More home cooking: Food plays a vital part in my life. I’ve made so many classic dishes from handwritten cookbooks passed down by my grandma and my mom during this time. I genuinely believe what you eat is really what you are. Healthy and hearty. I thoroughly enjoy cooking, and since I’ve been cooking from a tender age, I feel extremely confident to handle the kitchen with ease. Also, it’s a form of destressing for me. It makes me completely in sync with focus and love. I have been exposed to all sorts of cooking/prepping methods right from the traditional, painstaking solid-stone grinding and pounding of various fresh spices and dosa batter with stones (pic below). It’s a strenuous process, but on the plus side, it gives you stronger and chiselled arms. Long gone are those days that are now replaced with electric grinders that work with a press of a button. I cook with love regardless of whatever my mindset is, and thankfully it has tasted good thus far. My family, most importantly, my daughter vouches that I’m the best cook. Nothing makes me happier. 

Blogs in Isolation

Reconnecting with friends: As human beings, we are bound to hold grudges, and those who say they don’t hold any are probably not telling the full truth. During this time, I have managed to reconnect with friends whom I have not spoken to in a long time. It just takes a phone call or a message to sort things, especially with your true friends, and it’s been a great way to restart positive relationships. I’ve learned that ego will not let you grow but only consume you.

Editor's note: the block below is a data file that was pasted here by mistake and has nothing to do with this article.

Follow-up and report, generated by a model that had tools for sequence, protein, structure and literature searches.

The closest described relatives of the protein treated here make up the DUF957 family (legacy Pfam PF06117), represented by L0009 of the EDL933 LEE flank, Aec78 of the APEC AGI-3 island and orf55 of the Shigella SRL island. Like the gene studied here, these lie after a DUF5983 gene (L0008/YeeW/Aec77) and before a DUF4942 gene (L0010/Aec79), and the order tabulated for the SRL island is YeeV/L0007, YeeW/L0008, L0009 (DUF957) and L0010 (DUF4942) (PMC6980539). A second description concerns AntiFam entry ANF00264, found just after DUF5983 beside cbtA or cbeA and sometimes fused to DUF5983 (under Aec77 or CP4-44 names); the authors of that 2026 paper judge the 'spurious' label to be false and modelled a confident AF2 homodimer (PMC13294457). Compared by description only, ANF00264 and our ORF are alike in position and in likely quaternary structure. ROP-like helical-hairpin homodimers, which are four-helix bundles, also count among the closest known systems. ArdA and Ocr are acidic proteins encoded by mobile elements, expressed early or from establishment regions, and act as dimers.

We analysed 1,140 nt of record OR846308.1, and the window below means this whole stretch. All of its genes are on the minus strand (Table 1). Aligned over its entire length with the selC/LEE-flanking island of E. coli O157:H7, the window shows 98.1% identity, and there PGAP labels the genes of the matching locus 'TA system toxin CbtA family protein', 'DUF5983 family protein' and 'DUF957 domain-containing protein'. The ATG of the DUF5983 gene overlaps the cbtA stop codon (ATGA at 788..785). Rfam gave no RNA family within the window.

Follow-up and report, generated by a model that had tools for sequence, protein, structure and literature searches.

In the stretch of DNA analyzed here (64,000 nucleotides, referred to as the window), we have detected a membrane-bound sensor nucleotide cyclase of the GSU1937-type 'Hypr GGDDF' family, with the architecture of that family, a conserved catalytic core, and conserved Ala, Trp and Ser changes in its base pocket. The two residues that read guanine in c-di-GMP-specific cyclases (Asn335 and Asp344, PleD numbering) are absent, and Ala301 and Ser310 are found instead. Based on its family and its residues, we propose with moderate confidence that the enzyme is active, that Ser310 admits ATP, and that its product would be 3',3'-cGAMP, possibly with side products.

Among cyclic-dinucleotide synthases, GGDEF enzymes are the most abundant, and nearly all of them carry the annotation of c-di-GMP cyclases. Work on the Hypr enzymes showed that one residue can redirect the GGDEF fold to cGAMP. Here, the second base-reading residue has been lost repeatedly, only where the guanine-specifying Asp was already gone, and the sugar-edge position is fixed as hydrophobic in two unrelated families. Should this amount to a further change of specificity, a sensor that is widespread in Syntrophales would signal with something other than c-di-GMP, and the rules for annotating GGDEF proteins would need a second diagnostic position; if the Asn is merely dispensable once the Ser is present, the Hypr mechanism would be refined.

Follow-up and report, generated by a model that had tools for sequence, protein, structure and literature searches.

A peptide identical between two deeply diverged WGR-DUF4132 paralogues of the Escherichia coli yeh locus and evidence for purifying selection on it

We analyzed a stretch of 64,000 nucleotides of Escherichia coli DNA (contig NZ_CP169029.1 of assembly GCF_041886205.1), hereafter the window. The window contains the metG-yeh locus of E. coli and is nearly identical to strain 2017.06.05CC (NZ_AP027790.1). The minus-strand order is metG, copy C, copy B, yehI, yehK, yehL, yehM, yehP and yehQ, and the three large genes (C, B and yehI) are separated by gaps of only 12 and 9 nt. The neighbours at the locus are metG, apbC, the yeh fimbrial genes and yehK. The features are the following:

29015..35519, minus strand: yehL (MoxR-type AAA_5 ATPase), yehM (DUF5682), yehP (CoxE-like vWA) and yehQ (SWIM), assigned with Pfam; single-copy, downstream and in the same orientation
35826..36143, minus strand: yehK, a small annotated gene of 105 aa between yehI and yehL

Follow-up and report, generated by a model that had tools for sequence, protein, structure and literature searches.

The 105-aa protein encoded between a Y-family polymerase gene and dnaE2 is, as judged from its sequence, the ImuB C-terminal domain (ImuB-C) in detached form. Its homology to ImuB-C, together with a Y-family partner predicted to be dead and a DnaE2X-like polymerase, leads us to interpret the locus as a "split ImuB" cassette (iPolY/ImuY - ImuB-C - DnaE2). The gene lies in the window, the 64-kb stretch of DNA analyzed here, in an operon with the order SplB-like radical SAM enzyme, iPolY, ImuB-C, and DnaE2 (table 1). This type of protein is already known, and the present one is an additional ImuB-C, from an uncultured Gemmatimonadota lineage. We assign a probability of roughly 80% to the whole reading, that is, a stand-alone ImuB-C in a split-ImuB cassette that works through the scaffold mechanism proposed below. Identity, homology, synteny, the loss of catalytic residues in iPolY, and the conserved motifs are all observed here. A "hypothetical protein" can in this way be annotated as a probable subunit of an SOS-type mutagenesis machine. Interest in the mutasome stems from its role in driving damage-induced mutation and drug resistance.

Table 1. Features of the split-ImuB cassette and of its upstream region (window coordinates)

Learn to be less judgmental: This is a work in progress.

Connecting and sharing through Yoga and Dance: My daughter is a certified little yogini who can teach a complete beginner. I’ve been learning Yoga from her. And although it’s all baby steps for the moment, I feel rejuvenated after a session. As a thank you, I teach her Kathak. It’s a lovely way to bond and connect with self and loved ones. It’s a priceless feeling.

Maintaining a dialogue with my students while in isolation: Teaching and connecting with my students virtually during this time has been productive. I usually don’t prefer teaching online as I like to be present physically and correct my students as they dance. Virtually, I feel a bit disjointed sometimes. This has been a challenging time, and I’ve had to think of practical ways to teach myself the means of teaching effectively online.  

Getting my driving licence: I’ve been refreshing the driving lessons that I’ve learned before this isolation period with practice sessions on alternate days with my husband, who has been extremely encouraging and patient. 

Planning: As much as I’d like to plan the rest of the year, I believe I should take it one day at a time, with patience and perseverance. I’ve been finding creative ways of keeping my mind occupied with meaningful ideas. Finally, I’ve been continuing to write down my life’s aspirations as a constant reminder never to give up.

Isolation did start as a punishment, but I was able to delve deeper into healing and cleansing my mind. I know we can’t turn back time, but I feel we can use this time to turn back our lives positively. I don’t know what the future holds, but I will continue to wake up every day with hope and sincerity. For now, I’m grateful to be able to spend this time with my family. 

Abirami Eswar